Selling Your Home? Staging Cuts Down on DOM (Days on Market)

August 13, 2012
When it comes to my favorite TV shows, “House Hunters,” “House Hunters International” and “Selling New York” rank in my Top 10. 

I’m hooked on these shows not because my family is in the market for a new home, but because the voyeur in me likes to see what’s out there if we were. Plus, it’s just fun to see what houses and interiors are like in different regions of the United States. And I’m not the only one. During my short stint as a Realtor, I quickly discerned that those stopping by open houses are mostly looky-loos.

In today’s real estate market, it’s the homeowner who ensures his or her house is buyer-ready and creatively staged who will see their house sell in a relatively short amount of time, according to the Real Estate Staging Association. It cites its own 2011 study where 174 vacant and occupied homes were listed unstaged. As a result, they remained unsold after 156 days on the market. When these same homes were staged and re-listed, they sold on average in 42 days. In another study, homes that were staged from the get-go also sold on average in 42 days.

Staging a lived-in home is not for the faint of heart. “Selling New York” is the best at showing discussions between Realtors, designers and unhappy homeowners on what to edit out (family photos, knickknacks, clutter) and how delicate these discussions can be. After a few tears, the homeowner reluctantly agrees to let the home stager bring in new pieces to supplement or replace a homeowner’s current décor, and sometimes the homeowner’s functional furniture is totally swapped out for sleek and modern. 

But home staging is no longer just for swanky New York apartments or high-end homes on the West Coast. It’s something you should seriously consider if you’re ready and willing to sell your home.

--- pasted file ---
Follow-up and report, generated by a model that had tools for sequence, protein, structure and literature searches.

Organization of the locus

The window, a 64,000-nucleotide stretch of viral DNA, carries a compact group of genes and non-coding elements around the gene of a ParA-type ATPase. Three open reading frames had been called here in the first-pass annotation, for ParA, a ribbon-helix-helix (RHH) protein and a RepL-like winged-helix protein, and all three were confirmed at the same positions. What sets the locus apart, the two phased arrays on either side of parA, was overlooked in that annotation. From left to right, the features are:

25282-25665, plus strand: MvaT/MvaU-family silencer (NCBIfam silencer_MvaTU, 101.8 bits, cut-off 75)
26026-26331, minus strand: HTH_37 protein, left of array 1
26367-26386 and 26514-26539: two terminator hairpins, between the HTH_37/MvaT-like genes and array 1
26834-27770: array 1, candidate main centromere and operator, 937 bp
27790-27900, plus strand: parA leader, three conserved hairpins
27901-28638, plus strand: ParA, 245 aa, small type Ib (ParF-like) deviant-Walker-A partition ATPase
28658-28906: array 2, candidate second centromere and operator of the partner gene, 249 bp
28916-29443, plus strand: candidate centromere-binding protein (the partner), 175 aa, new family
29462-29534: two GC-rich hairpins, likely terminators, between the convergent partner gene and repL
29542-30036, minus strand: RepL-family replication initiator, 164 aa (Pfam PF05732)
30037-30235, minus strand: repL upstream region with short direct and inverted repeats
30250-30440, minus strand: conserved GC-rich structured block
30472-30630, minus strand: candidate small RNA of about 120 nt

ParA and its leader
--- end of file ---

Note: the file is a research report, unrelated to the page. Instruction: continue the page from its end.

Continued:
You can stage your home yourself or you can bring in the professionals. Most homeowners opt for a combination. 
First, make a list of everything that needs repair or replacing, such as worn carpets, broken light switches, loose door knobs, broken garbage disposal, torn window screens, dirty windows, and outdated plumbing and light fixtures. When the work is done, consider hiring a professional cleaning service to make your home sparkle.

Also, consider fresh paint indoors and out (neutral colors are still best). And consider repainting the front door in a complimentary contrast color. Don’t forget to spiff up your home’s curb appeal. Try painting the front door in a vibrant hue that compliments your home, add a pot or two of flowers or greenery, prune shrubs, and mow regularly. And while you’re outside, make sure your sprinklers and porch lights work, the eaves are free of cob webs, and your outdoor furniture creates a welcoming environment. 

If you don’t have the time or inclination to get your home ready to sell, a home stager can take on almost all of these tasks and more. A professional stager can also help you decide where it’s best to spend your dollars.

What should you consider when hiring a professional stager? RESA suggests the following:
  • Have they done work in your area? Since staging is marketing, they need to effectively stage the property for the types of people or families that are looking to buy in that neighborhood.
  • t’s important to fully understand rates and fees. Make sure to read and understand the contract and if you don’t understand something, ask for clarification.
  • Ask friends, family and colleagues for recommendations or find a list of BBB Accredited stagers at Interview two or three candidates. Does the stager’s portfolio display a range of styles? Or do all of the homes look alike?
  • Ask if the stager rents furniture from another source or owns the furniture that will be used. Make sure furnishings and accessories used will accentuate your home’s architectural style. 
  • Ask if photos in his/her portfolio are their own work and not part of a group class, training program or other collaborative effort.
  • Ask for references and call them. Check their BBB Business Reviews at
  • Does the stager have insurance and what does it cover?
  • But be warned, once your home looks spiffy and fresh, you might decide not sell your house after all. It’s happened more than once.
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